This short phrase grew out of our understanding of the need for protection as we walk through life. This picture addresses the need for corporate protection, not just an individual. It is the picture of Roman soldiers that defended themselves from flying arrows by walking in an organized group of rows, holding their shields ahead, aside, behind and overhead thus being encased in a shell of shields, "turtled" so to speak. This concept is explained in some detail in our presentation "The Importance of Echad in Community." Though we don't have physical shields at this time in life, we do see the need for a spiritual shield of prayer over us individually and us as a group. When a person recognizes they are in some kind of challenging situation or an emotional storm of some kind, we have learned to bring it up to find out if others are experiencing anything similar. Many times they are so we find it helpful to address these spiritual forces from our position together as a part of the Body of Messiah as well as individually, in positional Truth, above powers, principalities, thrones and dominions.
Using the phrase, "Turtle Up!" is our shorthand for a call to prayer and standing in our authority. It may also mean a physical standing together in facing a situation but is far more than just standing.
This Bride wears army boots, not flip-flops!
We first came to this understanding with the teachings of Rebecca Park Totillo, Who is the Bride? many years ago. Being made a set apart people, holy to YHWH, is a challenging process to say the least. It involves the development of spiritual disciplines such as prayer and study of the Word, and the renewing of our mind. More so for those who have come out of some kind of occult background but difficult for anyone who is seriously drawing near to our Messiah Yeshua. His family is also His army, and for us that is primarily being an army of worshippers which will be evident in our goals descriptions. We recognize that this process is not for the faint at heart and that we all need encouragement to stand firm. As anyone with military background will know, as you train--so will you perform. This maxim helps us to remember that our circumstances are not always what they appear to be and that we will likely not always be living in any kind of comfort. Our decision and our lifestyle need to reflect our standing as part of Messiah's army, ready to do spiritual battle as needed. It is part of the building of character in which we learn to do the hard things simply because we know they are right and part of our obedience to our Elohim, even if they are inconvenient to us. Anyone who thinks that they will wait to develop their spiritual discipline and strength until the circumstances demand it we believe will find that it will be very difficult, maybe nearly impossible, to do so.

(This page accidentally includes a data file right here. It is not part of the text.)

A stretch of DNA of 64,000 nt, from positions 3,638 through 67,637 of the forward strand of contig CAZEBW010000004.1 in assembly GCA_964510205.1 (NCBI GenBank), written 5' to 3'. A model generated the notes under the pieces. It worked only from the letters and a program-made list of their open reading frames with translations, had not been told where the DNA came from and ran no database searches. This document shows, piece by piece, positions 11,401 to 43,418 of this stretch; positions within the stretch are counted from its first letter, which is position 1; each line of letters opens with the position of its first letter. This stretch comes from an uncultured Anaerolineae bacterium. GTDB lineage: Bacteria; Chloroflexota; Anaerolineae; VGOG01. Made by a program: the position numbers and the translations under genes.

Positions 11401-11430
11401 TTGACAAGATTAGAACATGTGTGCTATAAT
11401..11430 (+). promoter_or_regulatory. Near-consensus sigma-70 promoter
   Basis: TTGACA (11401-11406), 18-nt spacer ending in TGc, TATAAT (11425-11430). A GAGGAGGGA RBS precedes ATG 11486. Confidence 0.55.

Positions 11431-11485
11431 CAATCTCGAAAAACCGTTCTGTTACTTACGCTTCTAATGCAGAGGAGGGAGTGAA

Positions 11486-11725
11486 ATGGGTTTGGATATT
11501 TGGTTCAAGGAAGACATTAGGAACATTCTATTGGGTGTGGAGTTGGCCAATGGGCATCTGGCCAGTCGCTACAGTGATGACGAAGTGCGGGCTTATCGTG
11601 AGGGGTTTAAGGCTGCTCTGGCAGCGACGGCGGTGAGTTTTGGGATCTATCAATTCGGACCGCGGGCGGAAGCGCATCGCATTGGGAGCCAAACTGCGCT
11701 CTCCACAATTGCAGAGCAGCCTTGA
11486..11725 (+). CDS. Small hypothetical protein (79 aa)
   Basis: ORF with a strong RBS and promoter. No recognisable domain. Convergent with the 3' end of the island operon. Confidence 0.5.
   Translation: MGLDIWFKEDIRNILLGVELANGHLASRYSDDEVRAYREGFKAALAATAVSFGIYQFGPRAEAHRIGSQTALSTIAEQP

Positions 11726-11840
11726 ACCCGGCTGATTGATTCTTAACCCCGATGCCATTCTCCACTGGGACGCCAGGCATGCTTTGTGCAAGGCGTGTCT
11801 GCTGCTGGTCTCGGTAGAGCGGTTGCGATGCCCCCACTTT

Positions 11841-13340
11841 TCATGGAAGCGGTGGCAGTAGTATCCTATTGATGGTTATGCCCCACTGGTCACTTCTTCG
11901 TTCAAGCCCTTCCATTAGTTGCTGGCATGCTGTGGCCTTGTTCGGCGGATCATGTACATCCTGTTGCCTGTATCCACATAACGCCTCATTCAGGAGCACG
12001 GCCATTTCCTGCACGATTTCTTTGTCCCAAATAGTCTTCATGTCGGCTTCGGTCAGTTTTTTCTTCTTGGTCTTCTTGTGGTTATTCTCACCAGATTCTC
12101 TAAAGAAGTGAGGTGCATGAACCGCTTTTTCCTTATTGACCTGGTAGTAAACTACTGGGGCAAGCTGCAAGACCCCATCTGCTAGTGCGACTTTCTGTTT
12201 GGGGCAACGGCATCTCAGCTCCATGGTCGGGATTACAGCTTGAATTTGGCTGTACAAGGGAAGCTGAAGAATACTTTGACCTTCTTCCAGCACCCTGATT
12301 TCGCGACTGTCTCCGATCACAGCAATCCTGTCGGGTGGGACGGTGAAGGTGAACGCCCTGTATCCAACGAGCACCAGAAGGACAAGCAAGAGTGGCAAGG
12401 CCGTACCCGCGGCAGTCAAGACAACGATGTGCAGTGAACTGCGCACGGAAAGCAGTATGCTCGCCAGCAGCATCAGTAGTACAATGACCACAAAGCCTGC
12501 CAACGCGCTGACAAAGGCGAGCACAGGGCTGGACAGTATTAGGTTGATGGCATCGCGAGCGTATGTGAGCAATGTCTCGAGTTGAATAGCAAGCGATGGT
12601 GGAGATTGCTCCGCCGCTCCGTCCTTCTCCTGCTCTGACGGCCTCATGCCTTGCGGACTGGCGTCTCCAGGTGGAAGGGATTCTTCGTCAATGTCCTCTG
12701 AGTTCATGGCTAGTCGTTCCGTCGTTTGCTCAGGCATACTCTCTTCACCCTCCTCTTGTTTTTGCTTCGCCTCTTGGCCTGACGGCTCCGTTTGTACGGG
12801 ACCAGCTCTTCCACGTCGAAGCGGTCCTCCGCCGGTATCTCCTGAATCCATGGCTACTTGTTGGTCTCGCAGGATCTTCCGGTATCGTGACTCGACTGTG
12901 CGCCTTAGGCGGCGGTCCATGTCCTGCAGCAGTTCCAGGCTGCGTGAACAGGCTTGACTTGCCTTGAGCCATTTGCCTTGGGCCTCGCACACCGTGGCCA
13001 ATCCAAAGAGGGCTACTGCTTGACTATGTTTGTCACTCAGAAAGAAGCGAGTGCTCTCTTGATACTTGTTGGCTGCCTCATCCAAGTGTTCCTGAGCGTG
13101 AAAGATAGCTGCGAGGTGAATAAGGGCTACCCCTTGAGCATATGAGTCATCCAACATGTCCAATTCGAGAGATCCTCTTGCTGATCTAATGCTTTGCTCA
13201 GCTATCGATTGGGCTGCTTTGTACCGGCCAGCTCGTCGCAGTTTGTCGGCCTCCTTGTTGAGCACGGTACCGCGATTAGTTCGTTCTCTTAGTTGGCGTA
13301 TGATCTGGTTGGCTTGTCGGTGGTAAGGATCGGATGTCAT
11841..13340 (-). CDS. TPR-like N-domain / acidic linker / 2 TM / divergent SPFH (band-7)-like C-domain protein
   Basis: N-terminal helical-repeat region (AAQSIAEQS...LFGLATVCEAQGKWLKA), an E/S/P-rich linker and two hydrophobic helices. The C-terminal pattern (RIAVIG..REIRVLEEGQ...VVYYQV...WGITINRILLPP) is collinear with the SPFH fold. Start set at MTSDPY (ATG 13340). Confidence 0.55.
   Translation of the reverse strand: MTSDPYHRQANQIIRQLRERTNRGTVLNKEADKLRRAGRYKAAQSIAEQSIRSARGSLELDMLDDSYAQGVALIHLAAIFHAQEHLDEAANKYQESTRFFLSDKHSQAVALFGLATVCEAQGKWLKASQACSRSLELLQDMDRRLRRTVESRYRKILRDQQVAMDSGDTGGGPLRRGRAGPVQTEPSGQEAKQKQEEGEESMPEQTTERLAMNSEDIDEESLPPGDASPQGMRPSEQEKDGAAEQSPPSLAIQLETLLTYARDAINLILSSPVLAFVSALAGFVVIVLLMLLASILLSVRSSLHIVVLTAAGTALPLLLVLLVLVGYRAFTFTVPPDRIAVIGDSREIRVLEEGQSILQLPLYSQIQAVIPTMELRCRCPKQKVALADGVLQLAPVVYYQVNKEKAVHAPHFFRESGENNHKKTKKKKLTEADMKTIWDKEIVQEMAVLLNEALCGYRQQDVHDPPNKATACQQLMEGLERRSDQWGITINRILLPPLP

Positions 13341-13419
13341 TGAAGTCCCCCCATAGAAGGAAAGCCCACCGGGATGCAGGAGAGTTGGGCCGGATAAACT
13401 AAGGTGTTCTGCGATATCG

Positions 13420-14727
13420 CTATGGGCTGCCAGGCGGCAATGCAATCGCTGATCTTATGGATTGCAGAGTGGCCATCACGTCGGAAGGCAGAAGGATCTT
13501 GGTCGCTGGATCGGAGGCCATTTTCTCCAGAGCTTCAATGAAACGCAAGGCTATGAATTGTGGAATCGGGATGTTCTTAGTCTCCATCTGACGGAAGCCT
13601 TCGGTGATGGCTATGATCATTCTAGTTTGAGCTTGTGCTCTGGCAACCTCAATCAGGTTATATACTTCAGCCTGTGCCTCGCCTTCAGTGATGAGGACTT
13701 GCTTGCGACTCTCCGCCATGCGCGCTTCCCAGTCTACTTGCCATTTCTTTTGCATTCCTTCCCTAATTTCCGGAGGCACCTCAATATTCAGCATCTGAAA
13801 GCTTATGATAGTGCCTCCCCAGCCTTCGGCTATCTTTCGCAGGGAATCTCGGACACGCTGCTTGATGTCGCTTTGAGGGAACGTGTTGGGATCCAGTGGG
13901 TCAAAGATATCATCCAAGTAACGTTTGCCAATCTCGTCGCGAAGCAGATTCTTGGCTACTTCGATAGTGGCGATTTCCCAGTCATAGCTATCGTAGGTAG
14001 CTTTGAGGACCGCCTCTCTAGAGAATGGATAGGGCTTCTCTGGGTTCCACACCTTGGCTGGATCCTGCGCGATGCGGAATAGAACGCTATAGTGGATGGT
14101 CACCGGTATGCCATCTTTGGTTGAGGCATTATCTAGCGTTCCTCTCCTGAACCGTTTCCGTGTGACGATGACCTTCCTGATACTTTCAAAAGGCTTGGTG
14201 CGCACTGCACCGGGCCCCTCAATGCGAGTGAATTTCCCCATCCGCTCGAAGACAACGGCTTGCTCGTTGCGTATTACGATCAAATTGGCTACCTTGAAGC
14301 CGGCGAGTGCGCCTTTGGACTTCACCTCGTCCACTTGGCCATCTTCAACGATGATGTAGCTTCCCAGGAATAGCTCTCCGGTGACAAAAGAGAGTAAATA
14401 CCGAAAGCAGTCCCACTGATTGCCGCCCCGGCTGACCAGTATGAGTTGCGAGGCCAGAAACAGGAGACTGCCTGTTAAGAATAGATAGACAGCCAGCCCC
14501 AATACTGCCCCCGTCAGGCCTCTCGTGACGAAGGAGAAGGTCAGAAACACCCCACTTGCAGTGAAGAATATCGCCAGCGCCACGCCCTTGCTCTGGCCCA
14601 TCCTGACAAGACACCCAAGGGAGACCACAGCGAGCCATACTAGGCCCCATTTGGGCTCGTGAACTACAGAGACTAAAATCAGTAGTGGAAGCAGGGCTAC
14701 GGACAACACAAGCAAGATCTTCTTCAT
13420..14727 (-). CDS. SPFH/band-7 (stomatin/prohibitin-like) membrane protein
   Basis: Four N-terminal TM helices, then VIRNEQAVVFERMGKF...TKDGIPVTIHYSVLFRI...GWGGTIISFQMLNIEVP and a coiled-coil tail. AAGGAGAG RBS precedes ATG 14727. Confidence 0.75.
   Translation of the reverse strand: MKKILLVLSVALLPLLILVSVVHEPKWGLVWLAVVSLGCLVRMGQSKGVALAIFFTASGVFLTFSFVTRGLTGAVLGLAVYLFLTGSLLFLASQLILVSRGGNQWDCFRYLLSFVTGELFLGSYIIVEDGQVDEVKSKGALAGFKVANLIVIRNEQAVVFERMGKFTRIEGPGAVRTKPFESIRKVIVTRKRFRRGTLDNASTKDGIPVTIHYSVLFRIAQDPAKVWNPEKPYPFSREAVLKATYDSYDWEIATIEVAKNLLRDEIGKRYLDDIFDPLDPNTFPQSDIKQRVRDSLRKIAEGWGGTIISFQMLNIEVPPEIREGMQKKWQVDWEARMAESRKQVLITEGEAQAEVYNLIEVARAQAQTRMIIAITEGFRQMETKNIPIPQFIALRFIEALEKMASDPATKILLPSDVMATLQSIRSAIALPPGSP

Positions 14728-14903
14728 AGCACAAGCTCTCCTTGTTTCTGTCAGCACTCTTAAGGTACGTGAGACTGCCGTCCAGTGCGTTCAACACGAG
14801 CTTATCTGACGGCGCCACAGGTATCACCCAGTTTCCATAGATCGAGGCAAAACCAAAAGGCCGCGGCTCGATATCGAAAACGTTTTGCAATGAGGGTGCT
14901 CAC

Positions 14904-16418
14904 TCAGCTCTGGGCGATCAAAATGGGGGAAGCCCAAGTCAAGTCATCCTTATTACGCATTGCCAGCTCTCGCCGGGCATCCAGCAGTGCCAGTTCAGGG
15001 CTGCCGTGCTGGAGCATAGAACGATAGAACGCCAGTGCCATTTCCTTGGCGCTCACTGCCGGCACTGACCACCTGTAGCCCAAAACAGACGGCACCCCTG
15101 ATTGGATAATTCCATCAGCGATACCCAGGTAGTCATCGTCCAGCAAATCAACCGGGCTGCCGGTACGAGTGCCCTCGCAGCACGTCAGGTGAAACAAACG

A New SAM Pithy Maxim-2015
"We need to be adaptable so we are adoptable."
The fear of the LORD [is] the beginning of knowledge:
[but] fools despise wisdom and instruction.
Pithy Maxims are Proverbs!
In the Online Dictionary "Pithy" is defined as ..." Precisely meaningful; forceful and brief:"
and a Maxim is "a succinct formulation of a fundamental principle, general truth, or rule of conduct.".... "a saying."
"Short sentences drawn from long experience" is a great description of a proverb offered by S. Michael Houdmann of www.gotquestions.org
The Hebrew word for Proverb/ Parable is mâshâl -- משׁל
which has Strong's number 4912 and is defined, in part, as a pithy maxim.
It carries some sense of superiority in mental action; properly A PITHY MAXIM, usually of a metaphorical nature; hence a simile (as an adage, poem, discourse): - byword, like, parable, proverb.